The United States had only fifty-four air-worthy planes when it entered World War I in 1917, and only thirty-five air-worthy officers, including Mitchell, to lead them. Again he was a first, this time the first American officer to fly over enemy lines. He organized the first all-American Air Squadron; one of his recruits, Eddie V. Rickenbacker, became a legend as Mitchell moved his American air units to counter Manfried von Richthofen, the “Red-Baron.” When Germans planned to unleash a major ground offensive and the Allied commanders were desperate to learn where it was being mounted, Mitchell volunteered to fly low over the enemy’s lines, and his daring mission discovered thousands of Germans concentrating close to the Marne River. Armed with Mitchell’s intelligence, the Allies launched a surprise attack on the German flank and scored a major victory. Mitchell’s solo reconnaissance flight was hailed as one of the most important aerial exploits of the war. Continue reading
(I’d have the West Side Story song up, but for some reason WordPress hasn’t been letting me embed videos lately.) Do you feel it? I sure do…
1. Our incompetent leaders, Part 645, 991. The proper anti-virus conduct as modeled by Nancy Pelosi on TV last week: take off your mask, wipe your nose with your hand,
…and touch the podium. Members of both parties demonstrated similar Wuhan virus safety awareness:
2. Meme Wars…
[Pointer: Steve Witherspoon (not Other Bill, as I erroneously stated originally. Sorry, Steve)]
…and this (from the Babylon Bee):
3. You know, I really don’t care what someone like this thinks about illegal immigration. In a review of a pro-illegal immigration book by illegal immigrant (OK, she’s a “Dreamer”)
Quick diversion: Education Secretary Betsy DeVos announced that “Dreamers”—people brought to the U.S. illegally as children—cannot access emergency funding set aside for college students who are enduring disruptions in their education because of the pandemic, because grants may only be given to students who are eligible for federal aid under Title IV of the Higher Education Act, meaning U.S. citizens. Naturally, she is being attacked as cruel and racist.
It is the correct, responsible, legal and ethical decision.
So she is laboring under emotional difficulties, a law-breaker herself, and a liar. That’s some expert you got there. She’s also not very bright, based on this statement from her book: Continue reading
President Donald Trump told reporters and the country yesterday that he was only testing the media when he suggested that using disinfectant and light to fight off the coronavirus was worth exploring. “I was asking a question sarcastically to reporters like you just to see what would happen,” he said.
Does anyone believe that? Anyone? It’s not quite a Jumbo—“What? I didn’t say that!”—but it’s almost as outrageous. Now, the “Trump is a liar!” tropes are re-energized (that’s no big lie, but it’s exaggerated and hyped), and the President has nobody to blame but himself. My sister, who actually participates in a Hate Trump neighborhood group, sent me a musical parody, “The Liar Sleeps Tonight” (it’s not bad) yesterday.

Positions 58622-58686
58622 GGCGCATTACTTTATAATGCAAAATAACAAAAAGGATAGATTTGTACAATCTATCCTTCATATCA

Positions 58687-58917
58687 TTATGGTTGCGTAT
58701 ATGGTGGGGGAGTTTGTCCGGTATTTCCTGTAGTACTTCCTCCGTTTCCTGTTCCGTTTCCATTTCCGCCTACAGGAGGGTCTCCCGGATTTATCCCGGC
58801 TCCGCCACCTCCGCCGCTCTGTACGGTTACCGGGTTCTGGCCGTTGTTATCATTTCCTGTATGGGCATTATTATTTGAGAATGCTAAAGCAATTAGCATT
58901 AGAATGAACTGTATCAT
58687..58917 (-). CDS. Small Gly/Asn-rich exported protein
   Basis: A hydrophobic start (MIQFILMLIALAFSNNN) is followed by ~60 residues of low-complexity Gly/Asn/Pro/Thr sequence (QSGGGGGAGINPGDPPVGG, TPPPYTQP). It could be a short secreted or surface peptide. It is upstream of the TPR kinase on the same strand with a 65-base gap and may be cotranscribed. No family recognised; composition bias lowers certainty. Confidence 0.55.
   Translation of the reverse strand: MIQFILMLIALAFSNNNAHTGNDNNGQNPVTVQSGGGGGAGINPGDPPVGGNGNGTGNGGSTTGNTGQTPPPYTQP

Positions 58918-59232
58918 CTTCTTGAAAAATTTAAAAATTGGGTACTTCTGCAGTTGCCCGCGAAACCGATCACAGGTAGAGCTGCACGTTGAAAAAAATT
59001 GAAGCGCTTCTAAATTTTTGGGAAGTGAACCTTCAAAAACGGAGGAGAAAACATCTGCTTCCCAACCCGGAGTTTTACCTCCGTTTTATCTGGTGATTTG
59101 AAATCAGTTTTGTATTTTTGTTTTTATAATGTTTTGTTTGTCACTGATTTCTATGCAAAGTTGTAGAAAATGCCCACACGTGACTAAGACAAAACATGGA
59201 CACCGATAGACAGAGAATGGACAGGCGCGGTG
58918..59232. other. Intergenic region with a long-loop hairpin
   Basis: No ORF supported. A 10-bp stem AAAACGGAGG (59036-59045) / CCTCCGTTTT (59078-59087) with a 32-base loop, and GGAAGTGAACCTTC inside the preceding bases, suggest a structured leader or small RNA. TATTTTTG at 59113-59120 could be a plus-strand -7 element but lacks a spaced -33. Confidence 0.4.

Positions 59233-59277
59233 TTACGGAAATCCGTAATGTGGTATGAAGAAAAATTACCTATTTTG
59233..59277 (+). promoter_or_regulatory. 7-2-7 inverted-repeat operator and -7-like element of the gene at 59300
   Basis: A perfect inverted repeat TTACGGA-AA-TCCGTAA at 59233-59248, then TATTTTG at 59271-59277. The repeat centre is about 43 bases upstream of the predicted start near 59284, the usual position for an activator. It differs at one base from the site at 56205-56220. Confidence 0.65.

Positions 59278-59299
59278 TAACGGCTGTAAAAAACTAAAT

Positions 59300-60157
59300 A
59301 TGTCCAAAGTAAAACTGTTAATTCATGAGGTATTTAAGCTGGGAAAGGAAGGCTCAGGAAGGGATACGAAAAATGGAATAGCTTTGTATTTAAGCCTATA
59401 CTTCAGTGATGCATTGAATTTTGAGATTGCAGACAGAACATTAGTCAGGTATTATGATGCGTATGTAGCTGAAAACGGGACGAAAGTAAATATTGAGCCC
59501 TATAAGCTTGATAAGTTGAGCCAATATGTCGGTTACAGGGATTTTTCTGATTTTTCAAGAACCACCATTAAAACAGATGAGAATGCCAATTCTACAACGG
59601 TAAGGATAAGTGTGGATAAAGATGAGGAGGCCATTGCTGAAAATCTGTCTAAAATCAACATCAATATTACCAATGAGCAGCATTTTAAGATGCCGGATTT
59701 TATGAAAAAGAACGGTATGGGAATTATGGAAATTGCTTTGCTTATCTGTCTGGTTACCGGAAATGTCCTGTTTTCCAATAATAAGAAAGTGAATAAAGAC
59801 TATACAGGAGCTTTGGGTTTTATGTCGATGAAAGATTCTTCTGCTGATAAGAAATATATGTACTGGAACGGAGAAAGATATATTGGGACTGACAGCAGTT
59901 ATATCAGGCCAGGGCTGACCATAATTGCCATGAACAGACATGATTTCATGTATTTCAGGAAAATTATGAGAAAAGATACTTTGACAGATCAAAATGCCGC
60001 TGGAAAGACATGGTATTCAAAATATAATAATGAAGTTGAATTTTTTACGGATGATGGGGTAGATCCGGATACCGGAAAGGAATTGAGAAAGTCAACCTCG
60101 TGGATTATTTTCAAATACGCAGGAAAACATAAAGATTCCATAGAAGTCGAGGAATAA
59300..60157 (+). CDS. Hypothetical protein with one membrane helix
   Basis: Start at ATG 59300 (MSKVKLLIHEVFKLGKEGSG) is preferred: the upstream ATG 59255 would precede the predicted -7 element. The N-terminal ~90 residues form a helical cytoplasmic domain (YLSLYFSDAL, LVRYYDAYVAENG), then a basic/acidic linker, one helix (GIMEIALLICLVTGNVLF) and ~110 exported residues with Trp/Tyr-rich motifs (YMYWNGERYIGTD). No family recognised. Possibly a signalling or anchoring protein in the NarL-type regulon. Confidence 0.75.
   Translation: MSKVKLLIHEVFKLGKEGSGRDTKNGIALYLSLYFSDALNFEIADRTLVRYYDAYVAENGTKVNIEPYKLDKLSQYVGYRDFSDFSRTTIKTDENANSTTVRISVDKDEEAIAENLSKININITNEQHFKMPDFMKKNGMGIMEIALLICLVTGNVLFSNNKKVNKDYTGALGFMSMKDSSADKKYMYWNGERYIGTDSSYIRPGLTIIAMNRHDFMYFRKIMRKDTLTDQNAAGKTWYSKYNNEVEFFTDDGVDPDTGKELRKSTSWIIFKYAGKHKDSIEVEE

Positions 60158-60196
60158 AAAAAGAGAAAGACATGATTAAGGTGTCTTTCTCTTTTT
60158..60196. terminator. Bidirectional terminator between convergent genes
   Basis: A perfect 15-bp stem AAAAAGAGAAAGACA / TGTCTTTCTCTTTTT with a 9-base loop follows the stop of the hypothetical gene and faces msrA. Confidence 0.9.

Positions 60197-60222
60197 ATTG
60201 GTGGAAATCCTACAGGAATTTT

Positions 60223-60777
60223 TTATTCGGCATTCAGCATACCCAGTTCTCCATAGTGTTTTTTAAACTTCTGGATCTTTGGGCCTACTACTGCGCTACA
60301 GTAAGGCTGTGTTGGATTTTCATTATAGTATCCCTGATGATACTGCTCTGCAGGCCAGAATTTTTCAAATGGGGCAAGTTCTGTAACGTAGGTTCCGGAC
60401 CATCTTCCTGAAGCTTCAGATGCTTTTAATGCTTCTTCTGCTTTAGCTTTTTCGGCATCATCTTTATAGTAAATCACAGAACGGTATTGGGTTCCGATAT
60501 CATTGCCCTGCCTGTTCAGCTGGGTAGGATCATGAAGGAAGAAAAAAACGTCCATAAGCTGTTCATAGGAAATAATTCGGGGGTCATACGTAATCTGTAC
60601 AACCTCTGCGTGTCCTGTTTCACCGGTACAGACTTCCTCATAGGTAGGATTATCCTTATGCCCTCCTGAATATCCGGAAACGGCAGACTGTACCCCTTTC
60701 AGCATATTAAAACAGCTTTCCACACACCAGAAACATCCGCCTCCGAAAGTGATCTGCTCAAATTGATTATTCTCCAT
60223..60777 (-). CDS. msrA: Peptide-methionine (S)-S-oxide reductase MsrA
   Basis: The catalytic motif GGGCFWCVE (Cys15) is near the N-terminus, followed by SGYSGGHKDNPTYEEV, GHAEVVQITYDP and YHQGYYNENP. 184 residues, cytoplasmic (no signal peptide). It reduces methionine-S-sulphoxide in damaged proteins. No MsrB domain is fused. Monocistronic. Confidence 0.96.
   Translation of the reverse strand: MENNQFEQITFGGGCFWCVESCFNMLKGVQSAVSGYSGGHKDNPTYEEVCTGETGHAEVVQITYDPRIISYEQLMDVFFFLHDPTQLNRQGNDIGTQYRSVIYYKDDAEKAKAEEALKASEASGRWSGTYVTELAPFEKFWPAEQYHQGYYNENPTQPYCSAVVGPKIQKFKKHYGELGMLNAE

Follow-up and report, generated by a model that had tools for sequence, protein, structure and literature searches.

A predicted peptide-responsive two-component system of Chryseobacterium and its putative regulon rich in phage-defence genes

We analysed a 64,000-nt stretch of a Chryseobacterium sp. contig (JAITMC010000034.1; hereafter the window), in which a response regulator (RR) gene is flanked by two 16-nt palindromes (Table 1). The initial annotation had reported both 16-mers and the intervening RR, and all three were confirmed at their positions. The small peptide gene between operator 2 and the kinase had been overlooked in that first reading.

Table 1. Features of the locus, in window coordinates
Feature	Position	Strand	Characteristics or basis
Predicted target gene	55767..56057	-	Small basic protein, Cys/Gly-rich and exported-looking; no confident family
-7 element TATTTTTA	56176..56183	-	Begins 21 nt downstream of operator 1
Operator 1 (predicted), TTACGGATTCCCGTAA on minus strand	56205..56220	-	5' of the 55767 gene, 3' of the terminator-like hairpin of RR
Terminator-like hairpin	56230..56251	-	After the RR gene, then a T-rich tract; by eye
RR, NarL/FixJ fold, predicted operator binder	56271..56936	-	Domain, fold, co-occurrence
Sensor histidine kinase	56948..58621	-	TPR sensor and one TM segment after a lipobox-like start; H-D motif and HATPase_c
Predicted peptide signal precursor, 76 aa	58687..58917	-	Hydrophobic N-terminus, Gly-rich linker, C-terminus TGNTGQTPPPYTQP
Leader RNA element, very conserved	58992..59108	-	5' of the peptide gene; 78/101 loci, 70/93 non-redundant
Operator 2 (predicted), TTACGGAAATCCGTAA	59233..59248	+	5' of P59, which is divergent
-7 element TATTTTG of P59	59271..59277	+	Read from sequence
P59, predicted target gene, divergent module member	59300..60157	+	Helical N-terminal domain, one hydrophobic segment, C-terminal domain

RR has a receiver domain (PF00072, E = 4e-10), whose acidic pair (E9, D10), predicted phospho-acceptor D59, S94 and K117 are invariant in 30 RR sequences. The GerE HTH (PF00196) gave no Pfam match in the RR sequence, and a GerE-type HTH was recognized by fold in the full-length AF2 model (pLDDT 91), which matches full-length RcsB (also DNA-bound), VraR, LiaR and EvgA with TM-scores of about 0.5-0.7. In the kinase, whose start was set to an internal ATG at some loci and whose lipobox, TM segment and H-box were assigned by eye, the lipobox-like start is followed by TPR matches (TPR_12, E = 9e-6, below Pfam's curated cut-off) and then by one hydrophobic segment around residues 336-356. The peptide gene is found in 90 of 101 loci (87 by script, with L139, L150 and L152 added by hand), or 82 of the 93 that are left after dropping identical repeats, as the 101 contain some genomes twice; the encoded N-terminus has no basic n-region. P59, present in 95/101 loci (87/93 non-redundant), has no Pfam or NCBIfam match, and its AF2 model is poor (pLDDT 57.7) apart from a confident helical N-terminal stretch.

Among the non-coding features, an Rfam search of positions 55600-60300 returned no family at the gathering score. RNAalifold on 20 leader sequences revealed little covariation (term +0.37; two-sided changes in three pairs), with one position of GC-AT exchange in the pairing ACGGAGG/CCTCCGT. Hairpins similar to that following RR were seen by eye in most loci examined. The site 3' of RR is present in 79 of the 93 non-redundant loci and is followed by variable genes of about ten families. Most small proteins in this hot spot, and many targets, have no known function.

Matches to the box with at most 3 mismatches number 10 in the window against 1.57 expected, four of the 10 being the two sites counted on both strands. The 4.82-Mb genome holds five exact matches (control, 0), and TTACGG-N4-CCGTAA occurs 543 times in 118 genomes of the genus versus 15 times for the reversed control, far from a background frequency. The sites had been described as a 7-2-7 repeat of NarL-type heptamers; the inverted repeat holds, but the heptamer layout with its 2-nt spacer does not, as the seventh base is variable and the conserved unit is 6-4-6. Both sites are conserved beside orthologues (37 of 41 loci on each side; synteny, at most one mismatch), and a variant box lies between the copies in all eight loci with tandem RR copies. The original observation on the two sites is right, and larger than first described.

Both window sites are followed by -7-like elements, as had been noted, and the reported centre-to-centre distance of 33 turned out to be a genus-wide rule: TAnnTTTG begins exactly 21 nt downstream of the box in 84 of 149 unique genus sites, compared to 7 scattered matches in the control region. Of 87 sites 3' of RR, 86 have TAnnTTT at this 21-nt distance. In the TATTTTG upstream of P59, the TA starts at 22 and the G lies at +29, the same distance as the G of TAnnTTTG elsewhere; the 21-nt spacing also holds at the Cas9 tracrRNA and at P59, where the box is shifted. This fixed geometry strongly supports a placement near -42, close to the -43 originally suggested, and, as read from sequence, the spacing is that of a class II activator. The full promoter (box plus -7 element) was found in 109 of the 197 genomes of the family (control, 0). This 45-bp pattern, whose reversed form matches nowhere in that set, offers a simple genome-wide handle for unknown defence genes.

I know what he was thinking: the news media did distort and misrepresent what he said, so “It was a test, and you flunked!” might have seemed like a good gambit. The flaw in that strategy is that the president’s demeanor when he’s riffing is unmistakable by now. The sarcasm excuse was desperate, and more importantly, needless. Trump easily could have said that he was thinking out loud about some possibilities, and that most listeners understood that. What he said instead was stupid (and insulting), and, for what feels like the millionth time, handed a club to his critics.
For the record, the rationalization the President chose in this case is #64, Yoo’s Rationalization or “It isn’t what it is.”
1. Nah, there’s no news media narrative coordination! Twitchy has pointed out the remarkable conformity of language regarding the Joe Biden sexual assault accusation. Last week, CNN reported that Democrats are “grappling with questions” about Tara Reade’s allegations. This week:
Politico: “The #MeToo movement is facing a new challenge: how to grapple with the allegations against Joe Biden without tearing itself apart.”
Jake Tapper on Twitter: “Democrats grapple with questions about Tara Reade’s sexual assault allegation against Joe Biden…”
Jeremy Scahill at the Intercept: “My aim in writing this piece was to put into words what many principled people are grappling with right now, not to tell anyone what to do. Recognizing and understanding the problem helps us all decide what we believe is right…”
Mother Jones: “Sexual Assault Advocates Are Grappling With the Allegations Against Joe Biden”
All independent, objective journalists, of course…talking points? What talking points?
2. This “sharing a life” concept seems to be beyond you…over at Social Q’s a woman who is living with her boyfriend to ride out the pandemic complains, “He eats significantly more than I do, including some foods I don’t touch. Still, we split the grocery bill, and I am paying significantly more for food than usual. How should I handle this?” Columnist Phillip Gallanes’ advice is impeccably ethical: